WXXI AM News

Republican party

House Republicans are expecting to oust Wyoming representative Liz Cheney from her ranking as number three in GOP leadership. As reported by NPR, the move could cause a major rift in the party over how far it should take its loyalty to former President Donald Trump. Cheney has been critical of Trump and has called out his misinformation about the 2020 election. What could it mean for the future of the party?

Last week, we talked with members of the Working Families Party about their desire to move Democrats further left. This hour, we talk with local conservatives about their hopes for the future of the Republican Party. Our guests:

A state judge has thrown out a lawsuit filed by Republican Party operatives in Monroe County that sought to keep 37 Democratic candidates from appearing on the Working Families Party line in upcoming primary and general elections.

GOP sues to keep Democrats off Working Families line

Apr 9, 2021

Republican Party operatives in Monroe County have sued to prevent 37 Democratic candidates for various offices from appearing on a second ballot line under the Working Families Party in the upcoming primary and general elections.

Monroe County's Republican Committee has a new leader. Bernie Iacovangelo has stepped in as acting chair, replacing Bill Napier. Napier held the position since June 2019.

Iacovangelo served as leader of Chili's Republican Committee since 2004. He joins us to share his goals for his new role, and his ideas for how Republicans can win more support in urban areas. Our guests:

  • Bernie Iacovangelo, acting chair of the Monroe County Republican Committee
  • David Dunning, secretary of the Monroe County Republican Committee

We've had many conversations with progressives about the direction they want Democrats to go in 2020. Today, we talk to conservatives about their views on a range of issues: President Trump's overall performance; his handling of the pandemic; conservatism as an ideological movement, and more.

Our guests:

  • Don Riley, former vice president of Mark IV Enterprises
  • Anna Garvey, former member of the University of Rochester Young Republicans
  • Tim Schieffen, small business owner

Matt Ryan/New York Now

  

New York's Republican Party met in a hotel outside Albany on Monday to choose its new chair.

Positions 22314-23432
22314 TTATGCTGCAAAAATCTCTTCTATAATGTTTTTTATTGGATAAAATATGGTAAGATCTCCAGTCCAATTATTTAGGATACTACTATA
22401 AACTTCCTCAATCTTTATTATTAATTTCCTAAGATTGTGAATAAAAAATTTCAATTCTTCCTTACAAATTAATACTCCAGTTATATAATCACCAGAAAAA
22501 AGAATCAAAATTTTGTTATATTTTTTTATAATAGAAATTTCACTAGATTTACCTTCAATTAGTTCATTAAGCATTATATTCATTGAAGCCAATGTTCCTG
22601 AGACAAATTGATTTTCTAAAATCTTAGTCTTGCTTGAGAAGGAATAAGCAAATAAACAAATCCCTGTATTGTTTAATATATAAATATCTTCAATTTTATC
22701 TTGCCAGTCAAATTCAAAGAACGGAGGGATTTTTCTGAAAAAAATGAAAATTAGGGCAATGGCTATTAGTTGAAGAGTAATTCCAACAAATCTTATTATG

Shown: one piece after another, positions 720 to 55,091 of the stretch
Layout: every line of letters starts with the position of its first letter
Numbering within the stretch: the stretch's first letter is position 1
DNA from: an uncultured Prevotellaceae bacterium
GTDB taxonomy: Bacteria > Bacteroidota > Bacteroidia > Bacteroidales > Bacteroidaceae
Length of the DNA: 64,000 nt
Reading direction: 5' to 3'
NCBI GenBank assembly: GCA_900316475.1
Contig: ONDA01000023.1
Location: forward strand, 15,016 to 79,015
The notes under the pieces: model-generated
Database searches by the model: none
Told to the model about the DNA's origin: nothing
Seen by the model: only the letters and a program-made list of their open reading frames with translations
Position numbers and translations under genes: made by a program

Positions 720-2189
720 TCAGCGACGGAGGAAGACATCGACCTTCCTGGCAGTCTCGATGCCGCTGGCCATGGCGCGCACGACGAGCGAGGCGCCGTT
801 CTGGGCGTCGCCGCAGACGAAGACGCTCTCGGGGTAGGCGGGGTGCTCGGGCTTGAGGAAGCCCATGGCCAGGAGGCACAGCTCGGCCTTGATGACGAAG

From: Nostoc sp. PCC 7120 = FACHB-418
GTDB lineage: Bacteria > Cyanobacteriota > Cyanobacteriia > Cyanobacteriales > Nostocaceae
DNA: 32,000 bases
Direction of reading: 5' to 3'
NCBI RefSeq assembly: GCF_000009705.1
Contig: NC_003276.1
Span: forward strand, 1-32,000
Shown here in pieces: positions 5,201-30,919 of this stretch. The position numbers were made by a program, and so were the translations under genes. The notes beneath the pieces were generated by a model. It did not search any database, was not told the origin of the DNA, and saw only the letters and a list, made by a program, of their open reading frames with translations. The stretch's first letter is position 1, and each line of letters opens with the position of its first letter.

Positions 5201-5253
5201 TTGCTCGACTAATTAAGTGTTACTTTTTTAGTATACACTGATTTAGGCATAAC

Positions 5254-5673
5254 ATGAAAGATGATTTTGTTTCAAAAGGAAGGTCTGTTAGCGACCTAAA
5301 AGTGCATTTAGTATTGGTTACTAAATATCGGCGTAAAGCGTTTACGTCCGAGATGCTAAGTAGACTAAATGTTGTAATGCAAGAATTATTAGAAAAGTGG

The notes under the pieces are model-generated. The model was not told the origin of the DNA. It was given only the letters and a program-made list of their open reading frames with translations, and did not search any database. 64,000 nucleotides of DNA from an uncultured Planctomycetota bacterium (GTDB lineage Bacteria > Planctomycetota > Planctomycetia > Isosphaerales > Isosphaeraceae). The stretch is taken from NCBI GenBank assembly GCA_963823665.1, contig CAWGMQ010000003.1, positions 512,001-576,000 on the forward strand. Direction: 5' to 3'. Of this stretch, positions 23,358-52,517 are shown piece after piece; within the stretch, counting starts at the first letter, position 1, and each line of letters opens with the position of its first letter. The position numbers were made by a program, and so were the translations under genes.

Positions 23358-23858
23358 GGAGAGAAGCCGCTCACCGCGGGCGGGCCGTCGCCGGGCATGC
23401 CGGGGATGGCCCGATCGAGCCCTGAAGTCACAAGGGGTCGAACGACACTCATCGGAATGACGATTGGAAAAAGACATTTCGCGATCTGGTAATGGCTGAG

Nick Langworthy replaces Ed Cox, the son-in-law of former President Richard Nixon. The 38-year-old promises to bring new energy to the fight against the state's dominant political party, the Democrats.  

How can Republicans win 2020? President Trump will seek reelection with low favorability numbers. More than 20 Democrats are seeking to challenge him.

We're joined by local conservatives who discuss the issues that they think are most important heading into 2020. In studio:

  • Bill Napier, chair of the Monroe County Republican Party
  • Paul Ciminelli, counsel to the Wolford Law Firm
  • Mark Assini, CAO at American Rock Salt, and former Gates Town Supervisor and Congressional candidate

Karen DeWitt/WXXI News

There’s going to be a change at the top in the state’s Republican Party.

Erie County GOP Chair Nick Langworthy has gathered the support of the majority of county chairs and will be replacing Ed Cox in July. The two met with the media Tuesday to talk about the transition.

On the surface, it is an amicable change of leadership.

Cox, who oversaw the party for the past 10 years and is the son-in-law of former President Richard Nixon, said he’s pleased with his new position as part of a team to help finance President Donald Trump’s re-election effort.

In a piece for the National Review, writer Kevin Williamson says conservatives do not do well in America’s cities, and they themselves are to blame for some of that. He says conservatives should spend more time in urban areas -- rather than hunkering down in traditionally conservative regions -- in order to be heard by liberals.

We talk to local conservatives about what they think and how they can improve their numbers in cities. In studio:

  • Don Riley, vice president of Mark IV Enterprises and former supervisor for the Town of Greece
  • Tom Hebert, federal affairs associate for Americans for Tax Reform
  • Ayesha Kreutz, local activist and founder of the Frederick Douglass Foundation of New York

The failure of the American Health Care Act showed a sharp disconnect between the White House and the working class. Various polls showed the AHCA with anything from 17 to 30 percent approval, and it earned dismal marks from the conservative working class, too. But a number of liberal writers say that Democrats are missing an opportunity to learn from this episode. They argue that Democrats are obsessed with Russia, while Trump voters are concerned about health coverage and jobs.

So what can be done to win over the support of Trump voters, and what can we learn from the AHCA flop? Our guests:

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